As the United States relocated its embassy in Israel to the city of Jerusalem, al-Qaida leader Ayman al-Zawahiri used the occasion to call for jihad, claiming the international system is hostile toward Muslims.
Al-Qaida has rebounded in recent years, rebranding its message and building local branches across the Middle East and Africa. The following brief is from The Cipher Brief’s 2018 Annual Threat Report. For more information on how to get the whole report, please click here.
Bottom Line: While the Islamic State (ISIS) grabbed the spotlight of international terrorism, al-Qaida has meticulously rooted itself in several conflicts across Africa, the Middle East and South Asia, where it has seized upon local grievances to appeal to disenfranchised communities and build its brand as a champion of victimized Sunnis. Consequently, al-Qaida’s strategy, combined with its long-term vision, renders the movement the most dangerous and entrenched terrorist network devoted to carrying out spectacular attacks against the West, and the United States in particular.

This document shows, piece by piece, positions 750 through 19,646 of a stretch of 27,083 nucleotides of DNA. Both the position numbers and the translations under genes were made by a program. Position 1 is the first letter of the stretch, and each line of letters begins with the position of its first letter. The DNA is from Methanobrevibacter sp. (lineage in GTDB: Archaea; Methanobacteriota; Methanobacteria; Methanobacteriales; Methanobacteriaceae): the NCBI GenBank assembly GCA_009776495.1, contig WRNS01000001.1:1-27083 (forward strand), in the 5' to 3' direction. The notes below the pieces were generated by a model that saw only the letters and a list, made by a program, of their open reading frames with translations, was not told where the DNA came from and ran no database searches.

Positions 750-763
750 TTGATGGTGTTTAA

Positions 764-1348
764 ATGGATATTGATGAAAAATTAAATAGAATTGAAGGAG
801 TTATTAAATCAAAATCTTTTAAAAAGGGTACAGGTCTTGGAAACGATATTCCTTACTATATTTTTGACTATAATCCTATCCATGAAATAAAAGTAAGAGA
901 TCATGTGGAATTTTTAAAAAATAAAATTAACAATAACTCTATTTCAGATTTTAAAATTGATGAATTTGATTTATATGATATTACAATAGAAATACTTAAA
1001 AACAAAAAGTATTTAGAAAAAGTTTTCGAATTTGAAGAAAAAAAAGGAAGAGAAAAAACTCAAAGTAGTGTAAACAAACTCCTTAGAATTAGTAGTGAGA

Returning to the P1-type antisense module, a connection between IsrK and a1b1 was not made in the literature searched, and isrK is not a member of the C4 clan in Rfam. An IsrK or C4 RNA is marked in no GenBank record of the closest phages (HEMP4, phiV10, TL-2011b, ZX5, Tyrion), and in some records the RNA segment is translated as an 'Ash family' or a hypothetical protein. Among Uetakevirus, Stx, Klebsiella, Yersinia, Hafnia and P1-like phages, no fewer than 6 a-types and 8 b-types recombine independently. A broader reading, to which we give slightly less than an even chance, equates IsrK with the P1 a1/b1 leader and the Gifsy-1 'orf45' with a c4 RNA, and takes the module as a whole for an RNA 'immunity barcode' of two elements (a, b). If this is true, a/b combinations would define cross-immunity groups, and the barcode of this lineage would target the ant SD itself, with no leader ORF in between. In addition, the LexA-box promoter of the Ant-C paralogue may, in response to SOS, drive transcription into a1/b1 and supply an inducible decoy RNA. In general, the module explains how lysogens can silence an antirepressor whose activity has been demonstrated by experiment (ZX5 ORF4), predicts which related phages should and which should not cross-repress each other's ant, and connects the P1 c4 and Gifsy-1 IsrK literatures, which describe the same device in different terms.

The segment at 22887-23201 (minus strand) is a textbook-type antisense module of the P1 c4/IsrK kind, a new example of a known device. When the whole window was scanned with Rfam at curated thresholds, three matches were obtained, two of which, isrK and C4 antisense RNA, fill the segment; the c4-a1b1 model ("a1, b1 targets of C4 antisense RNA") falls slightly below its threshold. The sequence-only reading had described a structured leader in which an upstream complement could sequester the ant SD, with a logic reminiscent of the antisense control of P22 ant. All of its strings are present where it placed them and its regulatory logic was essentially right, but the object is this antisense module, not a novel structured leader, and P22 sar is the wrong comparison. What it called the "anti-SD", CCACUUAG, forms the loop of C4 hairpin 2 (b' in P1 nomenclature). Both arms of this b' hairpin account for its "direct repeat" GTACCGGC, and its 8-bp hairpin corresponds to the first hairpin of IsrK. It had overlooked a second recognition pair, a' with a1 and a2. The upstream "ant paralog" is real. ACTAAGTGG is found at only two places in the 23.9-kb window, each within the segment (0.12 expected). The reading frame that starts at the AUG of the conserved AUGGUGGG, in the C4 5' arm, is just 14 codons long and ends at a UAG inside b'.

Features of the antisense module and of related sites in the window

Background: Al-Qaida, meaning “the base,” was established in 1988 in the Pakistani city of Peshawar close to the Afghan border under the guidance of Osama bin-Laden, prominent Palestinian cleric Abdullah Azzam, current leader Ayman al-Zawahiri and several hardline mujahedeen rebels who had fought against the Soviet Union during its invasion of Afghanistan in the 1980s.[i]